ABA yesterday released a bank members-only staff analysis of the Supreme Court’s ruling in Texas v. Inclusive Communities Project, which found that “disparate impact” analysis to demonstrate discrimination claims is recognized under the Fair Housing Act.
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The U.S. Supreme Court ruled today that disparate impact claims are enforceable under the Fair Housing Act. The decision in the case — Texas Department of Housing and Community Affairs v. Inclusive Communities Project — included a note of caution that statistical disparities only impose liability if plaintiffs can connect it to a defendant’s policy causing the disparity in order to “protect defendants against abusive disparate-impact claims.”
Fifteen Democratic senators today asked the federal financial regulators to look into allegations that financial institutions and the housing GSEs do less to maintain foreclosed homes in minority-dominated neighborhoods than in predominantly white communities.
Regulators see fair lending risk in small-dollar loan products that allow significant discretion in pricing and underwriting, according to a panel discussion today at ABA’s Regulatory Compliance Conference.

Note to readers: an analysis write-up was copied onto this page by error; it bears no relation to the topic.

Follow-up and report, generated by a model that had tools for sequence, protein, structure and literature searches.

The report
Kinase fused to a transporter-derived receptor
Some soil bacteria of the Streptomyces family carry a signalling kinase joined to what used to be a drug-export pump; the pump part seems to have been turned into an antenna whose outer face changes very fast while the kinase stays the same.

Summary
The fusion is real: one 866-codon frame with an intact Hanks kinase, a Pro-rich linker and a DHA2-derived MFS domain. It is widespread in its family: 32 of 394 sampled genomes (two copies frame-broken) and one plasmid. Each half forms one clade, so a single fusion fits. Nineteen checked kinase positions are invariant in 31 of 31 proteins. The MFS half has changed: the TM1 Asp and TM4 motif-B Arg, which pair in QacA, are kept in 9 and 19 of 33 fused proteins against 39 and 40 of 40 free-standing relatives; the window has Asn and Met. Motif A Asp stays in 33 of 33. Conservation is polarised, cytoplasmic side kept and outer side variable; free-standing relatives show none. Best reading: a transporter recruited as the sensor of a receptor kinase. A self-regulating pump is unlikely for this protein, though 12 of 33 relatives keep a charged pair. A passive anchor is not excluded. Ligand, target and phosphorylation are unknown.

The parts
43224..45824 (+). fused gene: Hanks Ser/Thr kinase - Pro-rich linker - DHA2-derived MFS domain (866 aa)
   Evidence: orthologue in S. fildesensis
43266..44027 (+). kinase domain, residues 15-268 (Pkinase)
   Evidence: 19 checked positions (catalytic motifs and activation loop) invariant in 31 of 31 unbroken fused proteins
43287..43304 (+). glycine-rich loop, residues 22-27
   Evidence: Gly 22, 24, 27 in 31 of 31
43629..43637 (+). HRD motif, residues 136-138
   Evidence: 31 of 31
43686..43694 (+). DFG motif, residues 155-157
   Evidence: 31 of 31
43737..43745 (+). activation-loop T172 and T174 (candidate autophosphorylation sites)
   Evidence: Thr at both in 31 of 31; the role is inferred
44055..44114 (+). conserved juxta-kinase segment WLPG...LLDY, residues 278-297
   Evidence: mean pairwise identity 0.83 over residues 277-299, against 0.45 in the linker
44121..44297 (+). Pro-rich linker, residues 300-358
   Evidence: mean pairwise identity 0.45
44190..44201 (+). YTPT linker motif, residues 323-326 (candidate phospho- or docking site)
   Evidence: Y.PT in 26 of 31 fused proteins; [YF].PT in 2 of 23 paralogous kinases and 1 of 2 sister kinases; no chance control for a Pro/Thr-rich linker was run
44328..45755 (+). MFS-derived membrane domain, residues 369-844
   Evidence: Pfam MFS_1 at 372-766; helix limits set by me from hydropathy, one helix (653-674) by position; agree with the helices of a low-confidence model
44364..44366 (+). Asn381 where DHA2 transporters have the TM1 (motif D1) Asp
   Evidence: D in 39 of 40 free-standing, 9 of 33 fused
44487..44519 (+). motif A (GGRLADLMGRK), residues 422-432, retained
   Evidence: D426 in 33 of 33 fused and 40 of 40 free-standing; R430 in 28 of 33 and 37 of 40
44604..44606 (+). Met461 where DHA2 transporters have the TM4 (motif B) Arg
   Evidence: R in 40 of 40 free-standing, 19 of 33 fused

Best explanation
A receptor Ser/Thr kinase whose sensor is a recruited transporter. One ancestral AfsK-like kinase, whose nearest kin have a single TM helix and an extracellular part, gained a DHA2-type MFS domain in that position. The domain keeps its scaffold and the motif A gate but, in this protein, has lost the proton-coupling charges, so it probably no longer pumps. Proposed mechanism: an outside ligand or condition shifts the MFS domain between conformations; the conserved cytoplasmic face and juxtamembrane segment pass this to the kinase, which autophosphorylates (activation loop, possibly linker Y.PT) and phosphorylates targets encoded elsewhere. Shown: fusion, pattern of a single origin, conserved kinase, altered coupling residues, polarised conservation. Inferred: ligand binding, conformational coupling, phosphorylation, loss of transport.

By a 231-195 vote, the House yesterday passed an amendment to a government spending bill that would prevent the use of disparate impact analysis by the Department of Housing and Urban Development under the Fair Housing Act.
ABA and several housing groups today urged the House to pass an amendment that would prevent the use of disparate impact analysis by the Department of Housing and Urban Development under the Fair Housing Act.
The Consumer Financial Protection Bureau today issued a bulletin reminding creditors to include income from Section 8 homeownership vouchers when underwriting mortgage loans, in keeping with the prohibition on discrimination based on income derived from a public assistance program under the Equal Credit Opportunity Act and Regulation B.
The Consumer Financial Protection Bureau released its third annual report on fair lending.
FDIC Vice Chairman Thomas Hoenig today became the latest regulator to emphasize the need to tailor regulations to suit banks’ risk profiles and business models, suggesting several ways that regulatory burdens could thus be lightened for “the vast majority of commercial banks.”